An insurance company has refused to give me a mortgage and critical illness insurance because some members of my family have a genetic condition called myotonic dystrophy. Several years ago I had a genetic test which showed that I do not carry the myotonic dystrophy gene and I will therefore not develop the disease. Are insurance companies allowed to refuse insurance on the basis of genetic illnesses?

Dr Fred Kavalier answers your health question:

Myotonic dystrophy is a type of muscular dystrophy. The condition is caused by a faulty gene that can be passed from parent to child. One of your father's parents must have carried the gene, and they passed it down to both your father and your uncle. Your father then passed the faulty gene down to your sister. You have clearly not inherited the faulty gene, and the genetic test that you had proves this. Unfortunately, insurance companies are allowed to refuse insurance if they think that you are at risk of developing a genetic condition. But in your case, the insurance company has made a mistake, because you can prove that the illness will never affect you. You should write to the chief medical officer of the insurance company and send them a copy of your genetic test result. If you get no joy you should contact the Financial Ombudsman Service:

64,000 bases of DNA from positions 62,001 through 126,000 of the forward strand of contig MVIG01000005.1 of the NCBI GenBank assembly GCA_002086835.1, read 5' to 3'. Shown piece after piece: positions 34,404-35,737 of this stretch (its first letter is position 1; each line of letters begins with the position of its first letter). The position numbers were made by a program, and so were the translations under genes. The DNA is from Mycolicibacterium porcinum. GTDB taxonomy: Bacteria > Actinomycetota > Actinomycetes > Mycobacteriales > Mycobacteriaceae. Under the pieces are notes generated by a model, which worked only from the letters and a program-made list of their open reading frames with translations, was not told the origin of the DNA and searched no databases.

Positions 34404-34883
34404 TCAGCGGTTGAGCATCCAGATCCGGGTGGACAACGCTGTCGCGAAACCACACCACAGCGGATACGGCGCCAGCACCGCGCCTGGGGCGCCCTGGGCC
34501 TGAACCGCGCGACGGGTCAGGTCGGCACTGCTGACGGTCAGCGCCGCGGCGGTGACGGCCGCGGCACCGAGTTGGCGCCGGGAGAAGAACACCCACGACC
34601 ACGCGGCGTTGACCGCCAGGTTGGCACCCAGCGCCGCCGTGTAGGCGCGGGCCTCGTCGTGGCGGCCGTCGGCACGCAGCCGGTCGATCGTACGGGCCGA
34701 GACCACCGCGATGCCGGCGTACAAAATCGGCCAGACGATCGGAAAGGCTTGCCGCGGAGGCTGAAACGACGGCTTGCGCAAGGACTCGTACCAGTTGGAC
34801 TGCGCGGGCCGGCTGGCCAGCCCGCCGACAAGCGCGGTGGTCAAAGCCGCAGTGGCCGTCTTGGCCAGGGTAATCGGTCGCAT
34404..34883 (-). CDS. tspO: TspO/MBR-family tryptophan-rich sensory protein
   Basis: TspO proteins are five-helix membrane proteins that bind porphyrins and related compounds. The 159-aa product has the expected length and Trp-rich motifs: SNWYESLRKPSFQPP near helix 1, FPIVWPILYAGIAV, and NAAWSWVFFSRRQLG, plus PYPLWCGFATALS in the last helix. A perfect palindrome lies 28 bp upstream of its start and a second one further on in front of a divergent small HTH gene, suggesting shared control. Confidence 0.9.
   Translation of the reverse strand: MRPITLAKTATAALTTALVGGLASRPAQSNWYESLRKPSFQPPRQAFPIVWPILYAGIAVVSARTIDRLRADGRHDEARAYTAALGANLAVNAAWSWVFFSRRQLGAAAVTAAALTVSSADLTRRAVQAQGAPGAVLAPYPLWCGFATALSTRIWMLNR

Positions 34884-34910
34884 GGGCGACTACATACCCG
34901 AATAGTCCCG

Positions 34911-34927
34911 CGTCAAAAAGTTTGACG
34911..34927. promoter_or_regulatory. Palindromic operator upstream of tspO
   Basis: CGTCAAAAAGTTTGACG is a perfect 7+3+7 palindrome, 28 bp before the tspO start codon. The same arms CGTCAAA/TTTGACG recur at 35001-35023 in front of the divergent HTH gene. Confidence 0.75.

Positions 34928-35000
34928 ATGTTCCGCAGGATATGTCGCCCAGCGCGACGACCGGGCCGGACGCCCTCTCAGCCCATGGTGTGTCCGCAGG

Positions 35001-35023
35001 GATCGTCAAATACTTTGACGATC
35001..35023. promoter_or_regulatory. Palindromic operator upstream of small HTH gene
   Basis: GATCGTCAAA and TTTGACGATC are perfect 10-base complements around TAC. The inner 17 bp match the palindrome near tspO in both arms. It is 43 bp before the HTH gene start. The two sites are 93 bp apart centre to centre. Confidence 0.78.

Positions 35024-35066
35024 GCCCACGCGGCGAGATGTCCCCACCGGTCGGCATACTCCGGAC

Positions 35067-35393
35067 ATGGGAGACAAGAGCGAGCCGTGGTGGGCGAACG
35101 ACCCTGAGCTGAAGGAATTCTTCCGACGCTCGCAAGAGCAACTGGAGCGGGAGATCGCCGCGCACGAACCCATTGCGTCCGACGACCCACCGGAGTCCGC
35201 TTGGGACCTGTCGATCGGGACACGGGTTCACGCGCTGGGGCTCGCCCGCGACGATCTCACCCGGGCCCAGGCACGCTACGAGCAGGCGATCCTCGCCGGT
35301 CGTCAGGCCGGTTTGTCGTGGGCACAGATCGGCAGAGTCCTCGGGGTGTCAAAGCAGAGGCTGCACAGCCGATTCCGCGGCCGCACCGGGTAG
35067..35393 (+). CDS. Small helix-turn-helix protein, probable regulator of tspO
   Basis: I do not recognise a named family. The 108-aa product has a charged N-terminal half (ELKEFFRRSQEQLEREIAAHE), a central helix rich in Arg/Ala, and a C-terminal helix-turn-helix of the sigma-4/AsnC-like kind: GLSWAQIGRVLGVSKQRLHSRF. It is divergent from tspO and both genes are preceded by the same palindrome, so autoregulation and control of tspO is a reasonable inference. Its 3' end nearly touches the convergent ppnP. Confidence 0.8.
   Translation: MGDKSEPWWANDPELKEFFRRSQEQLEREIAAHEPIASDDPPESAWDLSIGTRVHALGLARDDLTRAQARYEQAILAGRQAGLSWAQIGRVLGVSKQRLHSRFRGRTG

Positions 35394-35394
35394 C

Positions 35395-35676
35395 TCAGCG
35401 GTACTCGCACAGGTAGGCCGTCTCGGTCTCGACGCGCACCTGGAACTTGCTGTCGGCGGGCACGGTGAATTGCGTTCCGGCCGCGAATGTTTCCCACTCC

Please mail your questions for Dr Fred to He regrets that he is unable to respond personally to questions.